Digging deeper into tunneling cooperation

There has been a lot of activity recently in the field of tunneling cooperation and knowledge sharing between Norway and India. Earlier this month, another high level delegation visited Norway, this time from the Indian Ministry of Road Transport & Highways and Infrastructure Development Corporation Ltd. (NHIDCL) on a week-long study trip.

NHIDCL is a three-year old Indian government owned company and is mandated to create infrastructure to connect the far flung and treacherous parts of India. Tunneling is an important aspect of infrastructure creation in this kind of terrain. Some parts in the upper Himalayan region of India are very similar to the Norwegian geography and Norwegian tunneling methods can serve as a useful example to pursue. 

During the study trip, the Indian delegation found the Norwegian way of investigations done prior to the commencement of a project the most impressive. In Norway, for each project, a provision of 4-5% of the total project cost is allocated to the pre-commencement investigations of the area, thereby limiting the chance of failure. While currently in India, this expense is much less, thereby leading to a lot of surprises during the execution of projects which have an effect on their outcome. Therefore, sometimes, the expenses end up being much more than in Norway for the same size of a project.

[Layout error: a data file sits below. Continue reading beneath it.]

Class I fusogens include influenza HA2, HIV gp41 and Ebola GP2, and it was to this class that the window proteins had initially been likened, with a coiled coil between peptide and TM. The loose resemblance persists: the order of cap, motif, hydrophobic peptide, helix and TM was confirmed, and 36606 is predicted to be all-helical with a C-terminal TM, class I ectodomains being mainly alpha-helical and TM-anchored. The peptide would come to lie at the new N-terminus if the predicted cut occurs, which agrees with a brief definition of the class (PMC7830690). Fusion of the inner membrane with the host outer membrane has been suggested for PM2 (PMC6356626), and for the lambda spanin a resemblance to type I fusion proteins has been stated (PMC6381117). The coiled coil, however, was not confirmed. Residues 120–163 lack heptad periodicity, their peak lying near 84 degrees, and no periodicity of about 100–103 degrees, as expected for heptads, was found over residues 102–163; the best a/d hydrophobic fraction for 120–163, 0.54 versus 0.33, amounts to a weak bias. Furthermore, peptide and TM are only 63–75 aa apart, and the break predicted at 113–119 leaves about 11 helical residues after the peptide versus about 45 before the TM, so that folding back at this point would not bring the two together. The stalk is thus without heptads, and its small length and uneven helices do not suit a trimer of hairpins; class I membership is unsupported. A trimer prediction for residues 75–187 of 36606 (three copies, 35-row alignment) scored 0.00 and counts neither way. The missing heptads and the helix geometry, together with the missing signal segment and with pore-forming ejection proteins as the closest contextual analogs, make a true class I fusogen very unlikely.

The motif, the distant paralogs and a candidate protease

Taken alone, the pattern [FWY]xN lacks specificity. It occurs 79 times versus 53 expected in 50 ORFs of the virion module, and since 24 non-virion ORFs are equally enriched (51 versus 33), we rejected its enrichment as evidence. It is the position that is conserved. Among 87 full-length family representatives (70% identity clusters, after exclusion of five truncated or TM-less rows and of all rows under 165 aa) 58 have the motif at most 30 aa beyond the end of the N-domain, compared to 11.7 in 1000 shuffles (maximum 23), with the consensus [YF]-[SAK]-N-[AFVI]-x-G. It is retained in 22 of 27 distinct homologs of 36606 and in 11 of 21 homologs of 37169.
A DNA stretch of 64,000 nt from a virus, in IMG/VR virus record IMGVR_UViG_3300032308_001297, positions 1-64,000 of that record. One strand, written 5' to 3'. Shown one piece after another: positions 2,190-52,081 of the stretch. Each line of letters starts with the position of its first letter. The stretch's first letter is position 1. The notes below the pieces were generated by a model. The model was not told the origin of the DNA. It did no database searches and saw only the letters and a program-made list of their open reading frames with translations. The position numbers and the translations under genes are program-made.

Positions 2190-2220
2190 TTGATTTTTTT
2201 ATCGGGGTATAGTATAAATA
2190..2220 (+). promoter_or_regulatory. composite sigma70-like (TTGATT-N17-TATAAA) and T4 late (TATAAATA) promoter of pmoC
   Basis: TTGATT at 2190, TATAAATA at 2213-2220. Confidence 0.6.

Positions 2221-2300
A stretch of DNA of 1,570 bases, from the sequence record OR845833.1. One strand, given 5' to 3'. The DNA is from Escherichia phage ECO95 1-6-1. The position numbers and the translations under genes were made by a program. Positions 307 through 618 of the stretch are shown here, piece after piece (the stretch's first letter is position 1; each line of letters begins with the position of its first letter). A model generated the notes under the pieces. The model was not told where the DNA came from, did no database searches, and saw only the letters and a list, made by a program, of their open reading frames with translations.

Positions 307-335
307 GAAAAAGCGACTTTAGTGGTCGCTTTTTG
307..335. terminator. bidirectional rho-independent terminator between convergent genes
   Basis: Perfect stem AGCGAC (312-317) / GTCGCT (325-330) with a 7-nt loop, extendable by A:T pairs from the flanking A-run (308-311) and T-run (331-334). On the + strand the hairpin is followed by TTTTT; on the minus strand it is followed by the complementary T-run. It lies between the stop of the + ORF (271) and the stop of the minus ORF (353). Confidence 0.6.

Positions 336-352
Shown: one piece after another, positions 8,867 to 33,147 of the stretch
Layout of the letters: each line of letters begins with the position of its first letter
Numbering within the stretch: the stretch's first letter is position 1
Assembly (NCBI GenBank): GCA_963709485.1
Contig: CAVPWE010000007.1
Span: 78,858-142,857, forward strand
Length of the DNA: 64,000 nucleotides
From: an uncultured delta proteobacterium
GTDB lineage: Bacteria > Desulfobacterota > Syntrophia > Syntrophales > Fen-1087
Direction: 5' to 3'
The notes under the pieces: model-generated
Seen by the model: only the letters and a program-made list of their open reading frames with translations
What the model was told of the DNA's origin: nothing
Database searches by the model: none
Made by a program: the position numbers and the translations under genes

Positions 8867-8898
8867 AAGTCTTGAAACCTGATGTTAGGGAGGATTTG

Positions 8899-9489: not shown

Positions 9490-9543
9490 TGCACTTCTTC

The Norwegian Geotechnical Institute (NGI), which had organized this study trip, showed the Aerial Electromagnetic Measurement for geo-surveys to the delegation. This is a highly sophisticated technique with very accurate results currently being used in Norway. NGI also showed 3D drawings of rugged land mass by using drones and the modern and sophisticated NGI labs where all the research is conducted for projects.  

The Indian delegation also made visits to various establishments in tunneling and underground works, including the world’s largest underground stadium at Gjøvik which opened in 1993 and hosted the winter Olympics in 1994. 

Indian side wanted more Indian companies to come and learn tunneling and underground works from Norway in general and NGI in particular. As a next step, a Memorandum of Understanding (MoU) will be signed between NHIDCL and NGI that will create scope for more delegation visits.  

Embassy’s commercial section, Innovation Norway has also been presenting Norwegian expertise in tunneling and underground works and will continue leading the way in this field.

Photo one: https://www.flickr.com/photos/andrewknots/

Photo two: Indian delegation at the underground stadium in Norway.